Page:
Yip, all pollsters have to take the raw data and apply their secret sauce of “likely voter” and demographic skew, to create what they think is a reflection of the population.

      I’m not sure how sophisticated the likely voter and demographic modelling is that is used by the NZ polling companies. Certainly in the US they’re quite sophisticated, and that when you take the average of all the polls, the biases and errors should generally cancel themselves out.

      • Nic the NZer 4.1.1

        I expect its very ‘sophisticated’. If it was not your poll would be subject to the vaguaries of presenting whatever result happens to fall out of the raw data.

        As for the average, whats the average of three public polls slanted towards the right and one private poll which is slanted left?

  5. Puckish Rogue 5

    http://www.kiwiblog.co.nz/

    That’s why (love him or loathe him) I follow David Farrars poll average as its up to date and he gives his methodology as well

    National: 44.3% 53 Seats
    Labour: 30.3% 37 seats
    Green: 12.4% 15 seats
    NZFirst 9.6% 12 seats

    and Act, Maori Party and Dunne on combined 2.7% of the vote bring in 4 seats

    • Paul 5.1

      The trolls arrive.
      Farrar told them what to say.

      • Colonial Viper 5.1.1

        That poll of polls actually reads pretty good for the possibilities of a Labour/GR/NZF coalition.

        Another 1% to 2% move up away from NAT towards the LAB/GR block and Winston will very likely go with LAB/GR.

        • Puckish Rogue 5.1.1.1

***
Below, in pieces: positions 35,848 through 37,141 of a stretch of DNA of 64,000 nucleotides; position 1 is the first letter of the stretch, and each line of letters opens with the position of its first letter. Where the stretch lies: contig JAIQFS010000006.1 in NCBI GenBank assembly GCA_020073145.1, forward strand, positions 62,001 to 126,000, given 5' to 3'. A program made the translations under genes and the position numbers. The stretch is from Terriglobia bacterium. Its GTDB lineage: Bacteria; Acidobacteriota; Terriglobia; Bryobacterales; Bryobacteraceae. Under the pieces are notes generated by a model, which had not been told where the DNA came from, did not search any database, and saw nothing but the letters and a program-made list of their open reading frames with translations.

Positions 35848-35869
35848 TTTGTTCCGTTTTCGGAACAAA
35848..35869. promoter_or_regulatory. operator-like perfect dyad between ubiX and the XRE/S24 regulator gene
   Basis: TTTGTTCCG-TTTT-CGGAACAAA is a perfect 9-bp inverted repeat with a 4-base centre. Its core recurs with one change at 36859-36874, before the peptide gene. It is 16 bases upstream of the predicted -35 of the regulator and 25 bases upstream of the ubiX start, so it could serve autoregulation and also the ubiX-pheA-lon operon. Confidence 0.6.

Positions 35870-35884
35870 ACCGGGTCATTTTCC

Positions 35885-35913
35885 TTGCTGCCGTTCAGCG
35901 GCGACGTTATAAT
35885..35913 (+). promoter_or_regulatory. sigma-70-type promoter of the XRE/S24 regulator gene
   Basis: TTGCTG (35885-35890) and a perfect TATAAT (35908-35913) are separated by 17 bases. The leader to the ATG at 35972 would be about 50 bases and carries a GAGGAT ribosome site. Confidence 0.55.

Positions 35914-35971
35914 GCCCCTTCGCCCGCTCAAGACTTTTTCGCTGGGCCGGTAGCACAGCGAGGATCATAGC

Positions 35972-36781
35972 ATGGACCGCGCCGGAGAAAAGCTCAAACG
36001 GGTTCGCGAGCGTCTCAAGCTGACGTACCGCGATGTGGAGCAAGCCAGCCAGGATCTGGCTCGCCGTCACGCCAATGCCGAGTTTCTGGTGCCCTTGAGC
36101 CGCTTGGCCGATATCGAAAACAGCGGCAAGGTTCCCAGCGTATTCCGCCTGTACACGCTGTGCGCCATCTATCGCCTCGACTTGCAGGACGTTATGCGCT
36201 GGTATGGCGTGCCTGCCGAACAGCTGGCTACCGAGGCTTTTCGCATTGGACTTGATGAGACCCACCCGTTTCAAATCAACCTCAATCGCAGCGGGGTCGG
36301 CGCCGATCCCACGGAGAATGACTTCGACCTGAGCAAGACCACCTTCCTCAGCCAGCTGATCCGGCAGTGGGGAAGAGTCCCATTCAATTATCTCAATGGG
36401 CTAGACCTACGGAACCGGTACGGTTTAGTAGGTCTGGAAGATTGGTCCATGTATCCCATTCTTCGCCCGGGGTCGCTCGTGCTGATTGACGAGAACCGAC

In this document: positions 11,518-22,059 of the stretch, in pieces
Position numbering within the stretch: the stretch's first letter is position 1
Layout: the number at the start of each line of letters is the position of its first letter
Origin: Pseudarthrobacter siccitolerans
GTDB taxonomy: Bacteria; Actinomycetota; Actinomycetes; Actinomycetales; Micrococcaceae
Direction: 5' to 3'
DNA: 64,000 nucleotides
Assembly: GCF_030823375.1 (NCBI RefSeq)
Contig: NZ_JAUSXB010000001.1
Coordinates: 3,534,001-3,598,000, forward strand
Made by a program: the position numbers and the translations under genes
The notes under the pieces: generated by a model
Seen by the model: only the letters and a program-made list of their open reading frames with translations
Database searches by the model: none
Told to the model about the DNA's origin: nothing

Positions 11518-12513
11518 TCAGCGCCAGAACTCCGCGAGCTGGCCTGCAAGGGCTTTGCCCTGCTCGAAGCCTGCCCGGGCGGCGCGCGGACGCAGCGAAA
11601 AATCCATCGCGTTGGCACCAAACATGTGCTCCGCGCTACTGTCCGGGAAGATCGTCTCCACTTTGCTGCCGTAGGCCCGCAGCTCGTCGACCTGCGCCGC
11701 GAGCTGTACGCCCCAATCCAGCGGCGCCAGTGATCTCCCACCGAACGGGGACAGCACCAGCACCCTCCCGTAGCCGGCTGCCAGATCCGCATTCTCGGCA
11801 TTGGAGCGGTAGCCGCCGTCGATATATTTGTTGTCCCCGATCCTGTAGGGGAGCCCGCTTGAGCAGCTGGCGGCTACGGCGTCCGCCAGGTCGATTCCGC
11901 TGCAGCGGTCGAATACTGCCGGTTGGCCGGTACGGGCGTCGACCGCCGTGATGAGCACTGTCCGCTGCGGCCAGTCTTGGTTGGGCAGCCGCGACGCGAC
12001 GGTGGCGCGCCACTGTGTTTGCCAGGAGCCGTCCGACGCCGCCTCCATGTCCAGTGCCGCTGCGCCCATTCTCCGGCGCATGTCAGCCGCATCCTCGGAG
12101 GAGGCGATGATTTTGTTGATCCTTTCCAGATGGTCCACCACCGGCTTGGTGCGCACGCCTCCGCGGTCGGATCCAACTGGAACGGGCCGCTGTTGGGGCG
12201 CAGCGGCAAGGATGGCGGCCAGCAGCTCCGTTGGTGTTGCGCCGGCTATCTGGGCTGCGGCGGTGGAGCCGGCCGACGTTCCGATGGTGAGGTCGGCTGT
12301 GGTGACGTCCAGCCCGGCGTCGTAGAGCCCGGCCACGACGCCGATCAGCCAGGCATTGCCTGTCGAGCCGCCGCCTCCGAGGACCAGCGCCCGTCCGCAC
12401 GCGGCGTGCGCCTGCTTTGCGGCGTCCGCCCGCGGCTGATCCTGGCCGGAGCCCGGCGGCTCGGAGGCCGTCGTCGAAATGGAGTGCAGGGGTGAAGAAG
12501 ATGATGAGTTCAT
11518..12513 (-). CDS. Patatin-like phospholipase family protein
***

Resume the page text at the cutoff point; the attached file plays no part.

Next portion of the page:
Don’t mind Paul, he probably thinks he’s getting one over Thatcher 🙂

        • DISTURBED 5.1.1.2

          Yes Winston will go with Labour/Green for sure.

          No one even Winston wants a bar of this toxic rogue Junta, they call National now!

          They are anything other than National.

          Simply they are Just property agent’s for overseas investors.

          Not caring about our Kiwi population at all.

          But are something like; they favour “Genocide” calling us all “to drugged up to employ” what the hell did they say that for????

          I don’t take any drugs.

    • mpledger 5.2

      I’ve been polled by Curia – they asked for me by name and the interviewer was partisan so I am somewhat dubious of their methodology and their ethics.

      • rhinocrates 5.2.1

        Curia is notorious for push polling.

      • DISTURBED 5.2.2

        Yes me too, I was asked several real strange questions not relating to elections and when I answered one specific question they abruptly said no we don’t need you for this poll thank you?????
        I think they first are seeking a particular social set of questions then target them probably more likely to vote national and I didn’t fit the mould.

        • te reo putake 5.2.2.1

          The answer is actually pretty dull. The surveys look to balance the responders, so they don’t for example, get too many Nats or not enough Greens or too many uni students and not enough pensioners. So they ask filter questions and if you fall into a category that already has its quota filled, they end the call at that point.

  6. The Real Matthew 6

    Looks like a rogue poll to me

    • Paul 6.1

      The trolls arrive.
      Farrar told them what to say.